Yulia Putintseva has progressed to her second Roland Garros quarterfinal after a straight-sets defeat of Barbora Strycova.
Alex Macpherson
June 3, 2018

PARIS, France - Yulia Putintseva has made a dramatic return to the Roland Garros quarterfinals with a fiery, flairsome 6-4, 6-3 victory over No.26 seed Barbora Strycova in exactly one hour and 30 minutes.

"I’m very excited," Putintseva said, following her victory. "I was working hard for that, and I really hope that I can show very good tennis in the quarterfinal."

The unseeded Kazakh, who reached the last eight in Paris two years ago - where she pushed Serena Williams to three sets - played a tactically astute match that showed off both her instinctive understanding of tennis geometry and her rousing penchant for working the crowd.

"I have no idea," Putintseva responded, when asked what about Roland Garros brings out the best in her game. "Maybe it’s the atmosphere of this beautiful tournament. I really love it here, I love the crowd, l love the food -- croissants and the desserts!" the World No.98 laughed.

"I’ve been doing a lot of physical work, because I didn’t play so many matches, because I was out in some tournaments very early," Putintseva also explained. "Some three-set, very tough losses. But I found my way to fight and keep on going, and when I won a few matches here, I got my confidence back. Now I’ve started to play better and better."

It was Putintseva's first win over Strycova in three meetings, having previously lost to the Czech in straight sets in the 2012 Biella ITF $100,000 event and last year in the first round of Birmingham. "It’s great that I finally found the right tactic and I won against this tricky opponent," Putintseva exclaimed.

The dropshot has been one of the 23-year-old's key weapons as she has fist-pumped her way into the second week, and she cheerfully wheeled it out repeatedly in the early stages of today's match. But it wasn't just Putintseva's touch on the shot that was remarkable but her anticipation of where to move after hitting it: even when Strycova could get the ball back in play, the 2016 quarterfinalist would be in just the right place to either float it back over her head or thread the needle with a pass. One such exchange carved out a first break point in the third game, which the Czech conceded by belting a forehand long.

The first set was characterized by increasingly variegated rallies and delightful touch exchanges: on one point, Putintseva would load up on topspin to test Strycova's backhand, and on the next she would switch to exclusively slicing her own backhand.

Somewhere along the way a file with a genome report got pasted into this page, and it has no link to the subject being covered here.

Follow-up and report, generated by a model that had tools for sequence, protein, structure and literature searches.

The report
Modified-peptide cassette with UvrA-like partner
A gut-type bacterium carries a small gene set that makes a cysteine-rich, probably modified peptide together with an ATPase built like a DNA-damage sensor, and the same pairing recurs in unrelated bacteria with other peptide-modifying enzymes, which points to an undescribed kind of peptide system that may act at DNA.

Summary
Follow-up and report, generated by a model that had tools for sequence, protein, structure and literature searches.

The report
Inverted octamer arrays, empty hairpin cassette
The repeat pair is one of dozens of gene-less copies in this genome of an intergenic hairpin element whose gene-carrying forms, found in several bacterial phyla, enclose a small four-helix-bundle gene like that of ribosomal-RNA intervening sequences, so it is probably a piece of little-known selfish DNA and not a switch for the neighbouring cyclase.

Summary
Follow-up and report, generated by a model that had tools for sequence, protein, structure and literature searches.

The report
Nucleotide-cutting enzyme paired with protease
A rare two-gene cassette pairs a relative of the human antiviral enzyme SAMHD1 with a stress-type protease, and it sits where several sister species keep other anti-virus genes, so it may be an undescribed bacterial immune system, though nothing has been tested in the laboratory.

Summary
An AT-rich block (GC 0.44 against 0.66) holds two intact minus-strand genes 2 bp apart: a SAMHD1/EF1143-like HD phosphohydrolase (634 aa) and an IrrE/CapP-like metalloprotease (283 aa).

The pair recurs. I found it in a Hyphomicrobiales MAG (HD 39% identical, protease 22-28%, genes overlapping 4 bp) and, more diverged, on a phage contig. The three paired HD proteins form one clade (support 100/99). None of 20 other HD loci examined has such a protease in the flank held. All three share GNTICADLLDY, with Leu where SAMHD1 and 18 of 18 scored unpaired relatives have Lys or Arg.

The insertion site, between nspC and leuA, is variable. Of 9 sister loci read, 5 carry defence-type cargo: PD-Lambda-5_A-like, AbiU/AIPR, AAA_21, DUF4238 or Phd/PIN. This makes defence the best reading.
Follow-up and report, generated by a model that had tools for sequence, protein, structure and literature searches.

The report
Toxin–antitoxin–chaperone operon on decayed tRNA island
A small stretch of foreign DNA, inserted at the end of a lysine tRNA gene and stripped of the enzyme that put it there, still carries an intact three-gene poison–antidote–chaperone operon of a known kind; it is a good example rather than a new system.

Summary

Barbora Strycova - Roland Garros 2018 - Getty
Barbora Strycova pumps herself up in her Roland Garros fourth round against Yulia Putintseva (Getty)

But the World No.98 would prove more solid on serve, landing 72% of her first deliveries compared to Strycova's 60% in the first set as she sliced and diced her way to a 5-2 lead. The double break insurance would prove necessary as the Linz champion fought back with some strong backhands and canny net play, but on the second time of asking, Putintseva's tennis IQ was on full display as she sealed the set with a clever combination of dropshots and passes.

The pattern continued in the second set, with one wrongfooting Putintseva pass leaving Strycova sprawled in the clay at net as her opponent exhorted herself. A cascade of errors followed from the racket of a shaken Strycova, who would eventually rack up 33 unforced mistakes as she found herself unable to penetrate Putintseva's defence.

Down 1-4, the 2014 Wimbledon quarterfinalist once again battled to regain the break as Putintseva offered up a handful of rare errors - but the former World No.27 responded by conjuring up another sequence of delightful lobs and dropshots to capture eight of the final nine points of the match.

Yulia Putintseva - Roland Garros 2018 - Getty
Yulia Putintseva conducts the crowd in applause after winning a point against Barbora Strycova (Getty)

Strycova, who had only won four matches in 11 previous visits to Roland Garros, can content herself with her finest run in Paris and consecutive second-week Slam showings for the first time in her career.

Putintseva, meanwhile, will face fellow 23-year-old and erstwhile junior rival Madison Keys to play for her maiden Grand Slam semifinal - over whom she holds a 3-0 head-to-head lead, twice at U18 level and once in Tokyo in 2016.

"I was playing a lot of matches [against Keys] in juniors," said Putintseva. "I remember she’s always been so solid, a very good player, good serve, big forehand, very good shots. So it’s going to be a very difficult match for me."

"Right now I just want to focus on what I have to do in my next match: be ready and fight until the end. And we’ll see what can happen."